Gautrain tunnelling waste could pollute a river that runs through four Southern African countries if it is not dealt with properly, warns environmental wetland expert Paul Fairall.
Already, the section of the Sandspruit river running through Johannesburg’s Killarney golf course has been polluted by some of the 2 000 tons of sludge produced by tunnelling undertaken for the Gautrain.
Fairall, who has been called in by the golf course as a consultant on the pollution said: “This is a tragedy, because the Sandspruit is part of a 2 000km river which hundreds of people use for drinking, washing and cleaning. Pollution from one area can travel for 2 000km.” The Sandspruit is part of the Jukskei River, which joins the Crocodile and the Limpopo rivers — the immediate source of water for thousands of rural people.
In June a major road in the same area of Johannesburg collapsed because of tunnelling for Gautrain.
Bombela Joint Civil Ventures, the company overseeing the Gautrain project, said that it was sensitive to the pollution problem. “We are responsible for the environment impacted on during construction activity, and in terms of this, water treatment plants have been implemented on the project,” said Bombela media liaison officer Chantal Ramcharan.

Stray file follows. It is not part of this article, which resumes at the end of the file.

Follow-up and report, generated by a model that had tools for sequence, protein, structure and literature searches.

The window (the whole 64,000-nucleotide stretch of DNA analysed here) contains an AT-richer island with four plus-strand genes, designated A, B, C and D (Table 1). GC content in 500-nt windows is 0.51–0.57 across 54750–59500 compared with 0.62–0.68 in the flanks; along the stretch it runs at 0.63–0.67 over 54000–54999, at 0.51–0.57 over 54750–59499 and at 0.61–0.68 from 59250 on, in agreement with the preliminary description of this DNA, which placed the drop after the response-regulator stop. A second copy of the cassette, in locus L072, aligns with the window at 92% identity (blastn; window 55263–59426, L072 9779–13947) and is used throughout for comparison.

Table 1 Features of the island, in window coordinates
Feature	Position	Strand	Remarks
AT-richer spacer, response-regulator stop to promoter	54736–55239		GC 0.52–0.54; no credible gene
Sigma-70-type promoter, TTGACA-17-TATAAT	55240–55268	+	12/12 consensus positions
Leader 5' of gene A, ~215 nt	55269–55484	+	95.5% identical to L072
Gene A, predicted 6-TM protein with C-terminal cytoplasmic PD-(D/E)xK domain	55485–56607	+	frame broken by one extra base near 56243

“In this instance we experienced a problem with our water treatment process at Shaft E2, Houghton Drive. This was investigated and now rectified. We are also going to contact the Killarney Golf Club to discuss our proposed corrective measures.”
A Johannesburg council committee responsible for environmental monitoring and compliance during the Gautrain construction is collecting water samples from 120 sampling points in the city.
Said council spokesperson Nthatisi Modingoane: “Environmental pollution incidents in projects of this nature are to be expected and there are protocols which govern waste-water treatment governed by the department of water affairs and forestry which Bombela has to comply with.”
Modingoane said that sampling points within the Sandspruit catchment area indicate that the chemical water quality is “generally acceptable”.
According to Fairall, however, pollution has already devastated the Sandspruit catchment. The wetland in Killarney has been enveloped by toxic sludge and “birdlife and plants living on the golf course are dead because of this”.